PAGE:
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Remove Feedback Buttons from SharePoint Footer through Application Customizer

I know the Feedback and Mobile App buttons are essential for Microsoft, but many of my customers ask me to remove it. There a mainly three reasons for that. The first is the location and loading behaviour of those buttons. It takes a while until those buttons are loaded and catch a lot of attention of the user once they are visible on the page.

The second reason is that the location sticky on the bottom of the page might not be the perfect spot for those buttons. I might be more useful to have them somewhere in the header or suite bar.

The third thing that worries me personally is that it looks like an alien in the overall modern experience.

Nevertheless, it is possible to remove those buttons through CSS and an Application Customiser.

Project setup

The base setup for the application customizer follows the guidance given in the official documentation on how to build an Application Customiser.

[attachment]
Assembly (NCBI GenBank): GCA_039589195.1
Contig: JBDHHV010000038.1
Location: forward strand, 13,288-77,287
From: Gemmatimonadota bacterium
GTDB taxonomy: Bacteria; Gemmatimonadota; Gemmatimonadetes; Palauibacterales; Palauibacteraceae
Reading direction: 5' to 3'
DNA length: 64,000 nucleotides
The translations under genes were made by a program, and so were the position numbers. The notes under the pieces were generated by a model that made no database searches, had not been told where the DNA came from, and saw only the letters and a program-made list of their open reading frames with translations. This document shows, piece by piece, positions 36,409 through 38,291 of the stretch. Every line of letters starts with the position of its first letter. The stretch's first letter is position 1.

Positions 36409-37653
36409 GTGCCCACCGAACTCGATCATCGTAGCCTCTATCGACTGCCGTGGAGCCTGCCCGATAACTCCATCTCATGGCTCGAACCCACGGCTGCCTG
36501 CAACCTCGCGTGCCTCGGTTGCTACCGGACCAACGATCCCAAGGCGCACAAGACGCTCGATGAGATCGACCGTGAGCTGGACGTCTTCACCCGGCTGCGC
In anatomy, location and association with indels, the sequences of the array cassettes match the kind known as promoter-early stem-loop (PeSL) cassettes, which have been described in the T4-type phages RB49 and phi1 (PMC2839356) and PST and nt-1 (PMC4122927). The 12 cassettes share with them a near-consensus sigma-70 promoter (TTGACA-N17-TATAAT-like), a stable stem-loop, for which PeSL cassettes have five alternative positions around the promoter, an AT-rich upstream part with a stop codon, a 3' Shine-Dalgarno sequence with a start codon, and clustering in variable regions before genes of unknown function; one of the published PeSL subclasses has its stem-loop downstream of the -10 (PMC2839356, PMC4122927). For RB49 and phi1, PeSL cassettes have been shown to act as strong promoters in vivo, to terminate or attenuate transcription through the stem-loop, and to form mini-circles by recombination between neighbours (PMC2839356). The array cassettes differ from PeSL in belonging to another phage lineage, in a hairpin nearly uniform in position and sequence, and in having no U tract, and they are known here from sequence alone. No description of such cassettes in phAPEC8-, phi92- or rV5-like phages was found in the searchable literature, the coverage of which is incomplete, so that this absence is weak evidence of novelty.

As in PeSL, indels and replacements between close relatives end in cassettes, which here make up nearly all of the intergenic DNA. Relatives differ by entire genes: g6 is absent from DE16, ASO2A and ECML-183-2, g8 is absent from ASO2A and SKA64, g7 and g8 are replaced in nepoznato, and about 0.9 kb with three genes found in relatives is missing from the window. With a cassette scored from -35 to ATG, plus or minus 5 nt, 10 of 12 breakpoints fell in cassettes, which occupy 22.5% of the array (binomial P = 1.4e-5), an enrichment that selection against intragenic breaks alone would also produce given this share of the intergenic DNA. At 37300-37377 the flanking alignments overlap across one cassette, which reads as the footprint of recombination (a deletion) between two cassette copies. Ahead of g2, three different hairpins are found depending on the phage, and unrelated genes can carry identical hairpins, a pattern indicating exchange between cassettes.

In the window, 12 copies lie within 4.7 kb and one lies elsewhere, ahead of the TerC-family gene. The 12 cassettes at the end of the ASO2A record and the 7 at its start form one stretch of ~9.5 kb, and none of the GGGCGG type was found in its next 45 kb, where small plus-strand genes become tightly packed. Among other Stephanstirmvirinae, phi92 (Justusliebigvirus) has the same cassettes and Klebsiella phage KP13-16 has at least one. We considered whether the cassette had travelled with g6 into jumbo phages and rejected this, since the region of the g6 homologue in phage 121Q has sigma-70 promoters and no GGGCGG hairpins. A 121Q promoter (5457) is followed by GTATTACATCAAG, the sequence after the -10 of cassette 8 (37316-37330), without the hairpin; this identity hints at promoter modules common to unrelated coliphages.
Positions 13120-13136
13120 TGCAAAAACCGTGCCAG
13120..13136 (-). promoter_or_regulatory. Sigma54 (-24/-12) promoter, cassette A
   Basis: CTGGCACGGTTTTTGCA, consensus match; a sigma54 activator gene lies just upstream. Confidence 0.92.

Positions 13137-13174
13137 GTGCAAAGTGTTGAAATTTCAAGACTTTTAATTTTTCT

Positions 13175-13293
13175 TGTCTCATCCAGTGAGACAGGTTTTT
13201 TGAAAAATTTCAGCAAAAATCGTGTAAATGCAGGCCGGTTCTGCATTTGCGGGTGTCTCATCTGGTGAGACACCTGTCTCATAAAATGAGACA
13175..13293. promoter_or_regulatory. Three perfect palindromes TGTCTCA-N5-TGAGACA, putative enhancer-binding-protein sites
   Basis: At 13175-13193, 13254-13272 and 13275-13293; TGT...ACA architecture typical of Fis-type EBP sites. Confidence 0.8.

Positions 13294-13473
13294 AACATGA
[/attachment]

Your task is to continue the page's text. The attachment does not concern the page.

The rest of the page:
This document also shows how to add a custom CSS for the Application Customiser.

CSS that hides the buttons

It might be possible to remove those buttons from JavaScript, but problem number one is the delayed load of the buttons. The code needs to wait until the buttons show up and this might cause troubles in performance and the overall loading experience on the page.

A better option is to remove the buttons from CSS. From my point of view, one of the most underestimated benefits of CSS is that it is not a programming language. I mean by that that when the CSS fails, the user interface looks maybe ugly but doesn’t raise any exception at all. It doesn’t even block other components from getting loaded.

The following CSS removes the buttons from the page.

The magic happens in the first lines of CSS. The CSS query all div elements where that has a class name starting with ‘feedback_’, and this matches the outer container where the buttons are. Does will be then set to ‘display: none’ with ‘!important’ to make sure. Inline style gets overwritten this way too.

The ‘.app’ class is required to compile the CSS through Module CSS correctly but doesn’t have any effect on the page; Otherwise, the CSS won’t be compiled and not added to the package.

Registration through a custom action

The solution I built can be deployed tenant wide, which makes a lot of sense. This way they can be removed from anywhere in SharePoint. The only thing that is left is to register the application customizer a custom action.

To register I use the Office 365 CLI with the following code for a specific website.

Once the custom action is registered the buttons are removed. The still load but are not visible anymore.

Now the feedback buttons still load but are not visible anymore

Further resources